Dictionary

  • Licence (in the context of contracts)

    A unilateral permission given to a party or parties to use someone else’s property or product, usually subject to a set period of time and other conditions. In a contract, a licence is generally offered by the licensor to the licensee in exchange for consideration. Licences are becoming increasingly common in the digital age, and are generally governed by intellectual property law as well as contract law.

    A typical licence agreement will most likely include provisions outlining the scope, training and support, and fees.

    For example, a licence to use software may include the following information:

    Scope

    • What products is the licensee entitled to use of?
      e.g. Software program/s.
    • What are the limits on the licensee’s use of these products?
      e.g. Private personal use on up to five devices.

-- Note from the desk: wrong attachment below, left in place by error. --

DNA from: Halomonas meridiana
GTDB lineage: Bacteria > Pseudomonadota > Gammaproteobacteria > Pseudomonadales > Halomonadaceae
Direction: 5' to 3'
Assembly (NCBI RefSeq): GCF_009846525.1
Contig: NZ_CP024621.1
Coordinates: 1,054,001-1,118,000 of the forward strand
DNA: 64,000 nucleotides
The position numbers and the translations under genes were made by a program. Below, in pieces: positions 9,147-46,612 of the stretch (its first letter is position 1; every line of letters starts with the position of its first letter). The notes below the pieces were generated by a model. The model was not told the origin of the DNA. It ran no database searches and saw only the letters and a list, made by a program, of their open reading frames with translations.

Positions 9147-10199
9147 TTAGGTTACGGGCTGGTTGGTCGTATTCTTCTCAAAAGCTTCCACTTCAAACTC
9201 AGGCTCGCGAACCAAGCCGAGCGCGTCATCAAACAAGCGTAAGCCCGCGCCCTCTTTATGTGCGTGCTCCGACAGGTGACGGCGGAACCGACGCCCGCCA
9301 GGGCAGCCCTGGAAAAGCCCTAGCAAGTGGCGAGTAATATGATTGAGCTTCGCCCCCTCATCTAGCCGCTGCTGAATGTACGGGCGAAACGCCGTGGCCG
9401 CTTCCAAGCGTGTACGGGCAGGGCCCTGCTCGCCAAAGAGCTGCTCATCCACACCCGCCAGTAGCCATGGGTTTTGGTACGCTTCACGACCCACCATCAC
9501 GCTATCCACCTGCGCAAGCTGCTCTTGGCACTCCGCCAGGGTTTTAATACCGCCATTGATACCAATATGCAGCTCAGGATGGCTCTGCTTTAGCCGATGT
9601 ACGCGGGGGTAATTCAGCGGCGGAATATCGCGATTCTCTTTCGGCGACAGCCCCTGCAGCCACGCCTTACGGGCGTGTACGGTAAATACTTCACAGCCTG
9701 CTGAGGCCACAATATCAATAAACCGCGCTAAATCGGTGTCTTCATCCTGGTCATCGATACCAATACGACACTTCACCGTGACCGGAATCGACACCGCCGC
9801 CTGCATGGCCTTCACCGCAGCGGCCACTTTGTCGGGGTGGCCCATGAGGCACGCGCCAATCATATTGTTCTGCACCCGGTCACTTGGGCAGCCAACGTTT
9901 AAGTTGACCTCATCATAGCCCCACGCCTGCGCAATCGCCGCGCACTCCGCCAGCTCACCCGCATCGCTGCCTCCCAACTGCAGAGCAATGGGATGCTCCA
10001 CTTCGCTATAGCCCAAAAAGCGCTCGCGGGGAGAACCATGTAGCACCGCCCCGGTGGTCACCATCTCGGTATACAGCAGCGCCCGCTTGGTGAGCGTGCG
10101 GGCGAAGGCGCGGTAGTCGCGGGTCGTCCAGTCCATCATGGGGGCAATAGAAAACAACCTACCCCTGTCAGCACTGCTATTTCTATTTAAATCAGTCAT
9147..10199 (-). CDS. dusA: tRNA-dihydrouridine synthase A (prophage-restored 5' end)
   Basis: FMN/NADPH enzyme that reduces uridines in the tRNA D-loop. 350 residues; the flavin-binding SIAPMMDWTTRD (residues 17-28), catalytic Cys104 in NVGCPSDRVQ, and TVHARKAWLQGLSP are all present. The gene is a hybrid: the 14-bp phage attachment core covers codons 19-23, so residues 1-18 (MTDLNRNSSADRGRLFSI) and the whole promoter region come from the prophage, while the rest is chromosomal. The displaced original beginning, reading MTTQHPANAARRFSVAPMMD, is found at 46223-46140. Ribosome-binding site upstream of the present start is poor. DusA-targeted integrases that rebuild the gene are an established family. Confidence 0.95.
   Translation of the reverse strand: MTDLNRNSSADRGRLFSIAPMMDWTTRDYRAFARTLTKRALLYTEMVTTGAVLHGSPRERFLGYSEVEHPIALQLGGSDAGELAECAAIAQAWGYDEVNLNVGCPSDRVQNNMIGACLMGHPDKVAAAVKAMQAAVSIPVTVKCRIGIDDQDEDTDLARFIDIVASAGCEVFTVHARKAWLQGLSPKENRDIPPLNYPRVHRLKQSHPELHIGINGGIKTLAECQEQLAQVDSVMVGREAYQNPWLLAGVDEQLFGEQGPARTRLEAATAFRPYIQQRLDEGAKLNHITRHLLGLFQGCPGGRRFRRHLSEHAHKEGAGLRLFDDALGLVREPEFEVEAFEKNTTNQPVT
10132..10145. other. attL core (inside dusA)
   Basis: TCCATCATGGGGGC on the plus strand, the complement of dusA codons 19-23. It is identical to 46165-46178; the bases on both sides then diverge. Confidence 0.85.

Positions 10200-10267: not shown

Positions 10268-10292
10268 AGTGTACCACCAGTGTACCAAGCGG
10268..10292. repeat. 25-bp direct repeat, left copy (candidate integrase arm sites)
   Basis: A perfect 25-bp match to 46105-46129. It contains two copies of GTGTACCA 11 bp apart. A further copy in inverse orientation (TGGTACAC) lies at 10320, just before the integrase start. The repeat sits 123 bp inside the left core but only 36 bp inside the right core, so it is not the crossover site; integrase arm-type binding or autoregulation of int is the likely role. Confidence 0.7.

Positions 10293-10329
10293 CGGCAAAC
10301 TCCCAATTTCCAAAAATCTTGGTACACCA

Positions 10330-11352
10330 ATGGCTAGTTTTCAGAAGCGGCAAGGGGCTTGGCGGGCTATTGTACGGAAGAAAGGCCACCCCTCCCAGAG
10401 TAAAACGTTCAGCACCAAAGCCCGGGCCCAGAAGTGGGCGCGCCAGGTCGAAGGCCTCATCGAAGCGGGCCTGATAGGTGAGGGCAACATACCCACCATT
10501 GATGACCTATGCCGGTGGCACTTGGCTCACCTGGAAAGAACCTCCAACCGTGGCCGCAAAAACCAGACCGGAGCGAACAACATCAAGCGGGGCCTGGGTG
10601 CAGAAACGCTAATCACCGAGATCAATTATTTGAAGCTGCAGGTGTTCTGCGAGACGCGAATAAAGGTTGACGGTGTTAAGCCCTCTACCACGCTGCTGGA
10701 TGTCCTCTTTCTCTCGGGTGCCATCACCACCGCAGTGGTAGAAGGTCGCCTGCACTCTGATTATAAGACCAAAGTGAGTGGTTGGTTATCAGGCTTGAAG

• What is the start and end date of the term of use?
      e.g. 01/01/2019 – 01/01/2020.

    Training & support

    • Is there an obligation on the licensor to provide training and/or support in the licensee’s use of the product?
      e.g. A ‘help’ button can be found within the applications that provides a training function and a mechanism to chat with a support agent.

    Fees

    • What is the cost of the licence?
      e.g. $100
    • How will the licensor be paid?
      e.g. Upfront fee

    In a business context, a commonly used licence is a franchise agreement, where a large corporation or chain issues a licence to a franchisee to open and operate a business with the corporation’s name and branding.

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